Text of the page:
Terry Etim -- On Saturday night, Etim landed the second fastest guillotine submission in UFC history -- Oleg Taktarov holds the official record with a nine-second guillotine submission victory against Anthony Macias -- when he grabbed hold of opponent Eddie Faaloloto's neck and got him to tap with only 17 seconds gone off the clock in the opening round. It was fast. It was beautiful. It was shocking to watch. I had to rewind it several times because I almost didn't believe it. Standing guillotines are rare. This was a different animal altogether. Afterward, Etim was awarded the "Submission of the Night" award for the fourth time in his UFC career. Look, I'm not trying to tell fighters how to handle their business. I'm just a writer. But if you're a UFC fighter and you have to step into the cage with Etim, you might wanna watch your neck. Just saying.
Renan Barao -- Brad Pickett was the hometown hero. He came in with a ton of hype. He beat Demetrious Johnson, remember? Barao had everything against him, including the crowd. Technique can sometimes trump all else. Barao has got some wicked technique. For little more than four minutes, Barao and Pickett exchanged furiously. It was like watching a high-level table tennis match, except the ping-pong balls were 135-pound men in this instance. Barao was a man on a mission. He had an answer for everything Pickett threw at him. Everyone knew Barao had a slick ground game, but on Saturday night, he showed that his striking abilities are no joke, either. Barao is now unbeaten in his last 28 fights and hasn't lost since 2005. Bantamweights: You're on red alert. This guy is for real.
Chris Leben -- It pains me to have just typed his name. I love Leben. He always brings it. He's given fans some amazing fights in his career and has earned a ton of faithful followers in the process. On Saturday night, he just didn't have his "A" game. Rumors are now flying around that he may have had a drastic 21-pound weight cut in the 24 hours leading up to his fight. If that's true, it's hard to blame him for not being able to perform at his best. The flipside of the coin is that he's a professional fighter. If he really had to cut that much weight in that small a window of time, that's just insane. One way or the other, he didn't properly prepare for this fight and that's just sad. "The Crippler's" biggest enemy has always been himself. He's not a loser in the big picture. I believe he'll rebound. But, Saturday night will certainly be a night that Leben regrets for a long time to come.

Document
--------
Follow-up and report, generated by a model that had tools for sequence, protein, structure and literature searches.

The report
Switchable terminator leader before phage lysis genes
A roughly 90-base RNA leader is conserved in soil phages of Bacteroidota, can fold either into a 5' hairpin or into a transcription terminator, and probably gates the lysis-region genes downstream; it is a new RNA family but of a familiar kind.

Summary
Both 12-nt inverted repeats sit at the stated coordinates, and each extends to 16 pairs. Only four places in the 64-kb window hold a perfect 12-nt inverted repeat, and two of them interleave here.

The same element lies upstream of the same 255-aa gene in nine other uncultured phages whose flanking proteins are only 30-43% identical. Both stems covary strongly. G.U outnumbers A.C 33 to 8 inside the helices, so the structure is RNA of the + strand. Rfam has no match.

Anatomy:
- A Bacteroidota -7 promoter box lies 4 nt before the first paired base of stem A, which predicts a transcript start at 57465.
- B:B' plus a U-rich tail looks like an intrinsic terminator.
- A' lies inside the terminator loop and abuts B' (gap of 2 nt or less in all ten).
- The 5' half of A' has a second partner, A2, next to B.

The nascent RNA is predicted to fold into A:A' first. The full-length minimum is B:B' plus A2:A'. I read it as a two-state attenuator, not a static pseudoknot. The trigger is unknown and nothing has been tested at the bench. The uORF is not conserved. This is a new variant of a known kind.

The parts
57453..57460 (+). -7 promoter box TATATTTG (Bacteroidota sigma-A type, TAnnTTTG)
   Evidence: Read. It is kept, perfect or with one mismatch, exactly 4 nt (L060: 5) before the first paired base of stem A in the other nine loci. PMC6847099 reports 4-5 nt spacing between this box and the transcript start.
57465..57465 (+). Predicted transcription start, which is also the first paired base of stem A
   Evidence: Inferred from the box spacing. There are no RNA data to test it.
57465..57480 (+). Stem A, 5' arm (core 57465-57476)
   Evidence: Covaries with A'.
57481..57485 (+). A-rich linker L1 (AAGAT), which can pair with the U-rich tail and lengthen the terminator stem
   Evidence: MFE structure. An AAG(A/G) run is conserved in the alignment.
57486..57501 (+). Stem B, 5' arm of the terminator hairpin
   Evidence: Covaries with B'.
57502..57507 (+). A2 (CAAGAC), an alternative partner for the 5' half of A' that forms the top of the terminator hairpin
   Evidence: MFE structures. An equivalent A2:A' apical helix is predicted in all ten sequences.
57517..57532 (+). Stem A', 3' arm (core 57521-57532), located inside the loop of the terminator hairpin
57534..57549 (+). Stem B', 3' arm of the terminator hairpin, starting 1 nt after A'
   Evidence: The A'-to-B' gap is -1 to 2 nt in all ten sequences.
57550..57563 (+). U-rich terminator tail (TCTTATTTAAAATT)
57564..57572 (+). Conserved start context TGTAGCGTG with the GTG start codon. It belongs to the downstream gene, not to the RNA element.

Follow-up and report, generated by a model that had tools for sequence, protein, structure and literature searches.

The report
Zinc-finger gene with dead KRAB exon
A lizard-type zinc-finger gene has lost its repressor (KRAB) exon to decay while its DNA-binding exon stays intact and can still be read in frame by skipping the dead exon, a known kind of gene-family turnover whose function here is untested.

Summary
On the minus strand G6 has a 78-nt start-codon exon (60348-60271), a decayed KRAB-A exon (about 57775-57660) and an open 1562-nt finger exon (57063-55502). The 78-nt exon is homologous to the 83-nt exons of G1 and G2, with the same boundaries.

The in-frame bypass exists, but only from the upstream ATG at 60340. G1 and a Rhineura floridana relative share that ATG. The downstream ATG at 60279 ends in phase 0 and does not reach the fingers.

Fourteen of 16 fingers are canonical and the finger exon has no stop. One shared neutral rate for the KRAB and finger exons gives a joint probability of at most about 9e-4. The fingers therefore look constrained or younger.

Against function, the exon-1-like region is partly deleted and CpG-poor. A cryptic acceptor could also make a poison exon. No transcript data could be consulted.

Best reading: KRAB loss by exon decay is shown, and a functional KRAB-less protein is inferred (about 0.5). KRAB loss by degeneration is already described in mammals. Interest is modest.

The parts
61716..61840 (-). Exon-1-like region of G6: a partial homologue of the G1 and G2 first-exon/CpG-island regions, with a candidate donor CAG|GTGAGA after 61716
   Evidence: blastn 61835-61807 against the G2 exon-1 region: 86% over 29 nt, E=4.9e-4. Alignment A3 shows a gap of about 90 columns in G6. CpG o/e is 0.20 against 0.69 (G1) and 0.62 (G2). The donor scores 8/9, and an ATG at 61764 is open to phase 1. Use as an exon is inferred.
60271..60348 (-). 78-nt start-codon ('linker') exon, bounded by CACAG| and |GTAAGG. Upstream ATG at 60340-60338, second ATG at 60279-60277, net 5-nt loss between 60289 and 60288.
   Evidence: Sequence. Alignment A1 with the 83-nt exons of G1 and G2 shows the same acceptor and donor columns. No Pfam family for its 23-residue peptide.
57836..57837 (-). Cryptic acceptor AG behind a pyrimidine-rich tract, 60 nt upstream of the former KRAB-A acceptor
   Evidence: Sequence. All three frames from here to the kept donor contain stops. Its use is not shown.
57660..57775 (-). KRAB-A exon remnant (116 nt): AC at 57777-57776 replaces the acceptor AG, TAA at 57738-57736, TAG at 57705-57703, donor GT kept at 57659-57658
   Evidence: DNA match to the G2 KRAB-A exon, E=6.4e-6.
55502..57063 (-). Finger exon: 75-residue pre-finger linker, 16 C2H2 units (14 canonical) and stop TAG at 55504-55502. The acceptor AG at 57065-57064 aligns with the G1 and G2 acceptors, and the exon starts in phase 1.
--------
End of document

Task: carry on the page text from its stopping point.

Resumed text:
Eddie Faaloloto -- In three UFC fights, Faaloloto has been finished each time. Two of the three losses came in the very first round. At some point, your game needs to evolve to the state where your name on a card doesn't equal some sort of fight bonus for the guy who is fighting you. It's too bad, but the fight game is cutthroat and Dana White doesn't play. You lose three fights in a row, you generally get your walking papers. It may be time to look into some smaller shows again to re-invent his game to the point where it's UFC-worthy.
Spike TV -- This was a great card. It would have been awesome to see the whole thing in its entirety, uninterrupted. But egos were involved and Spike and the UFC seem intent on sticking it to each other. The UFC didn't promote this card. Spike split it up and made it hard to watch. The only people who seemed interested in selling the event were the fighters themselves. Ratings wise, UFC 138 did alright, but it could have done much better. The UFC will be fine, but I feel like Spike hurt itself more than they hurt Uncle Dana and the Ferttita brothers with its "strategy."
That's all we got. Tell us what we got wrong. What does your list of winners and losers look like? Bring on your comments, good or bad. We can take it.
To check out complete UFC 138 results and detailed blow-by-blow coverage click here.